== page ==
A differentiable function
In calculus (a branch of mathematics), a differentiable function of one real variable is a function whose derivative exists at each point in its domain. As a result, the graph of a differentiable function must have a (nonvertical) tangent line at each point in its domain, be relatively smooth, and cannot contain any breaks, bends, or cusps.
More generally, if x_{0} is a point in the domain of a function f, then f is said to be differentiable at x_{0} if the derivative f ′(x_{0}) exists. This means that the graph of f has a nonvertical tangent line at the point (x_{0}, f(x_{0})). The function f may also be called locally linear at x_{0}, as it can be well approximated by a linear function near this point.
Contents

Differentiability and continuity 1

Differentiability classes 2

Differentiability in higher dimensions 3

Differentiability in complex analysis 4

Differentiable functions on manifolds 5

See also 6

References 7
Differentiability and continuity
The
absolute value function is continuous (i.e. it has no gaps). It is differentiable everywhere
except at the point
x = 0, where it makes a sharp turn as it crosses the
yaxis.
If f is differentiable at a point x_{0}, then f must also be continuous at x_{0}. In particular, any differentiable function must be continuous at every point in its domain. The converse does not hold: a continuous function need not be differentiable. For example, a function with a bend, cusp, or vertical tangent may be continuous, but fails to be differentiable at the location of the anomaly.
Most functions that occur in practice have derivatives at all points or at almost every point. However, a result of Stefan Banach states that the set of functions that have a derivative at some point is a meager set in the space of all continuous functions.^{[1]} Informally, this means that differentiable functions are very atypical among continuous functions. The first known example of a function that is continuous everywhere but differentiable nowhere is the Weierstrass function.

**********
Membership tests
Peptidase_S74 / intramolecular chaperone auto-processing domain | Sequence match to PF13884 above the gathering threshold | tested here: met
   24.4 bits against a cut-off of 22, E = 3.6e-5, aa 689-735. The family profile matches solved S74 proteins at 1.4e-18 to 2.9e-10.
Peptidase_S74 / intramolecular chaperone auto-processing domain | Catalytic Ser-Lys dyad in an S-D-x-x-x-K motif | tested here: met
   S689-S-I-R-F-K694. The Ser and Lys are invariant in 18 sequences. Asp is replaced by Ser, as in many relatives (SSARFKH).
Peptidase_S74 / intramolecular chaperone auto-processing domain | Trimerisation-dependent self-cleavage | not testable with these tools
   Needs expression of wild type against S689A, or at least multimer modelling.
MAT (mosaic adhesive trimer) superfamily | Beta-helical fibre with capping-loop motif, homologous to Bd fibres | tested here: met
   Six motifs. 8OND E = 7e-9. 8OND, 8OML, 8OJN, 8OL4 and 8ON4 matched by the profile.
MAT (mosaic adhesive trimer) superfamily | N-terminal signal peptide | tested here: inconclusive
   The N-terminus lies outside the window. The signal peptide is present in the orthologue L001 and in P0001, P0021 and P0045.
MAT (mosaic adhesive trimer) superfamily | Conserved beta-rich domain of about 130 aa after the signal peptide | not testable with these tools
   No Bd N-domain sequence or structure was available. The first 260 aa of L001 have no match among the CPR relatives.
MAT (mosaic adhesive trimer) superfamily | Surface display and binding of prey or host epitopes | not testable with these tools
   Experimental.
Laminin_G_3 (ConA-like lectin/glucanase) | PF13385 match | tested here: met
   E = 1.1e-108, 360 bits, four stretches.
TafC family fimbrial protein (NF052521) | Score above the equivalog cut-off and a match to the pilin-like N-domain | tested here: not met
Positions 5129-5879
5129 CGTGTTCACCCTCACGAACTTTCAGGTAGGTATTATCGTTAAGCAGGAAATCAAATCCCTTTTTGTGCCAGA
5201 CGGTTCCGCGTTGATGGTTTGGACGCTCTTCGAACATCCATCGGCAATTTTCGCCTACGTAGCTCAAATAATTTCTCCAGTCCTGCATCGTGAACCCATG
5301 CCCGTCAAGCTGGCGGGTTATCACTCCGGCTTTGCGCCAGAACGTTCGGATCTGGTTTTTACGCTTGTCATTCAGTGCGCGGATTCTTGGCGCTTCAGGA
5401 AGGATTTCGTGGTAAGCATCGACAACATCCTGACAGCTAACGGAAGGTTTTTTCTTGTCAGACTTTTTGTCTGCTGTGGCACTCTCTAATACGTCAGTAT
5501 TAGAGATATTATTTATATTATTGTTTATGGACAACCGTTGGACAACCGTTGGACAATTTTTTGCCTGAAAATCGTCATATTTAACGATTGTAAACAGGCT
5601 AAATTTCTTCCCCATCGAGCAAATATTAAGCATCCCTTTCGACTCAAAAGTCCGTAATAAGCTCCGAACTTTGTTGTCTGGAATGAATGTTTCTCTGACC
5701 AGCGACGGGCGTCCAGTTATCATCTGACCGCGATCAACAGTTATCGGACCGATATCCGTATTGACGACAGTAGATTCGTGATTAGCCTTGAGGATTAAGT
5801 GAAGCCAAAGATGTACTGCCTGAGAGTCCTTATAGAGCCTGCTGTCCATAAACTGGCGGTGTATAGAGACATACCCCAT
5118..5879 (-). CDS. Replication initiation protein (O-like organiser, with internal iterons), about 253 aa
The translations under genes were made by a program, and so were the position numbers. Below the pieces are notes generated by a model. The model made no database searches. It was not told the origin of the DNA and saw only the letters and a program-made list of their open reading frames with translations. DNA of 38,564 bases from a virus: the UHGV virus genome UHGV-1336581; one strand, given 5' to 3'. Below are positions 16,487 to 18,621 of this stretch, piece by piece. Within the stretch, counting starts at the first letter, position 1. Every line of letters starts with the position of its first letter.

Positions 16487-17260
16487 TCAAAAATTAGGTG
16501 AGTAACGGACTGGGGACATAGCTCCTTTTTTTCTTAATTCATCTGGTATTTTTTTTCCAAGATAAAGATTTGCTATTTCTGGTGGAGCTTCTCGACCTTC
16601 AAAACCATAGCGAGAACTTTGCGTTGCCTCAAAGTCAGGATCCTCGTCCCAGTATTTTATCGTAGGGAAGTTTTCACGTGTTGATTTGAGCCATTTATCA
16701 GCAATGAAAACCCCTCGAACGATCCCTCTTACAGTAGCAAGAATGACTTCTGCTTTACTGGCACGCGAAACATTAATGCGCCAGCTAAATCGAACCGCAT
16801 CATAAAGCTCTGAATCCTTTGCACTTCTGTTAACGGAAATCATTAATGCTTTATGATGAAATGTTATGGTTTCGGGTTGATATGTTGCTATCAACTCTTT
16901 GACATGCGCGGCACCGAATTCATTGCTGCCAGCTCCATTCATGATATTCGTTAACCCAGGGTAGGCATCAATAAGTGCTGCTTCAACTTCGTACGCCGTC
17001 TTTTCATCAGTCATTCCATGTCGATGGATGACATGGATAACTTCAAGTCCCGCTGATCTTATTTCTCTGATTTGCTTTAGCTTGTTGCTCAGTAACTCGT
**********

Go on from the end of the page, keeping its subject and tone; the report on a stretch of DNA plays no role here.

Differentiability classes
Differentiable functions can be locally approximated by linear functions.
A function f is said to be continuously differentiable if the derivative f'(x) exists and is itself a continuous function. Though the derivative of a differentiable function never has a jump discontinuity, it is possible for the derivative to have an essential discontinuity. For example, the function

f(x) \;=\; \begin{cases} x^2\sin (1/x) & \text{if }x \ne 0 \\ 0 & \text{if }x=0\end{cases}
is differentiable at 0, since

f'(0)=\lim_{\epsilon\to0}\left(\frac{\epsilon^2\sin(1/\epsilon)0}{\epsilon}\right)=0,
exists. However, for x≠0,

f'(x)=2x\sin(1/x)\cos(1/x)
which has no limit as x → 0. Nevertheless, Darboux's theorem implies that the derivative of any function satisfies the conclusion of the intermediate value theorem.
Sometimes continuously differentiable functions are said to be of class C^{1}. A function is of class C^{2} if the first and second derivative of the function both exist and are continuous. More generally, a function is said to be of class C^{k} if the first k derivatives f′(x), f″(x), ..., f^{(k)}(x) all exist and are continuous. If derivatives f^{(n)} exist for all positive integers n, the function is smooth or equivalently, of class C^{∞}.
Differentiability in higher dimensions
If all the partial derivatives of a function all exist and are continuous in a neighborhood of a point, then the function must be differentiable at that point, and it is of class C^{1}.
Formally, a function of several real variables f: R^{m} → R^{n} is said to be differentiable at a point x_{0} if there exists a linear map J: R^{m} → R^{n} such that

\lim_{\mathbf{h}\to \mathbf{0}} \frac{\\mathbf{f}(\mathbf{x_0}+\mathbf{h})  \mathbf{f}(\mathbf{x_0})  \mathbf{J}\mathbf{(h)}\_{\mathbf{R}^{n}}}{\ \mathbf{h} \_{\mathbf{R}^{m}}} = 0.
If a function is differentiable at x_{0}, then all of the partial derivatives must exist at x_{0}, in which case the linear map J is given by the Jacobian matrix. A similar formulation of the higherdimensional derivative is provided by the fundamental increment lemma found in singlevariable calculus.
Note that existence of the partial derivatives (or even all of the directional derivatives) does not in general guarantee that a function is differentiable at a point. For example, the function f: R^{2} → R defined by

f(x,y) = \begin{cases}x & \text{if }y \ne x^2 \\ 0 & \text{if }y = x^2\end{cases}
is not differentiable at (0, 0), but all of the partial derivatives and directional derivatives exist at this point. For a continuous example, the function

f(x,y) = \begin{cases}y^3/(x^2+y^2) & \text{if }(x,y) \ne (0,0) \\ 0 & \text{if }(x,y) = (0,0)\end{cases}
is not differentiable at (0, 0), but again all of the partial derivatives and directional derivatives exist.
Differentiability in complex analysis
In complex analysis, any function that is complexdifferentiable in a neighborhood of a point is called holomorphic. Such a function is necessarily infinitely differentiable, and in fact analytic.
Differentiable functions on manifolds
If M is a differentiable manifold, a real or complexvalued function f on M is said to be differentiable at a point p if it is differentiable with respect to some (or any) coordinate chart defined around p. More generally, if M and N are differentiable manifolds, a function f: M → N is said to be differentiable at a point p if it is differentiable with respect to some (or any) coordinate charts defined around p and f(p).
See also
References

^ Banach, S. (1931). "Über die Baire'sche Kategorie gewisser Funktionenmengen".
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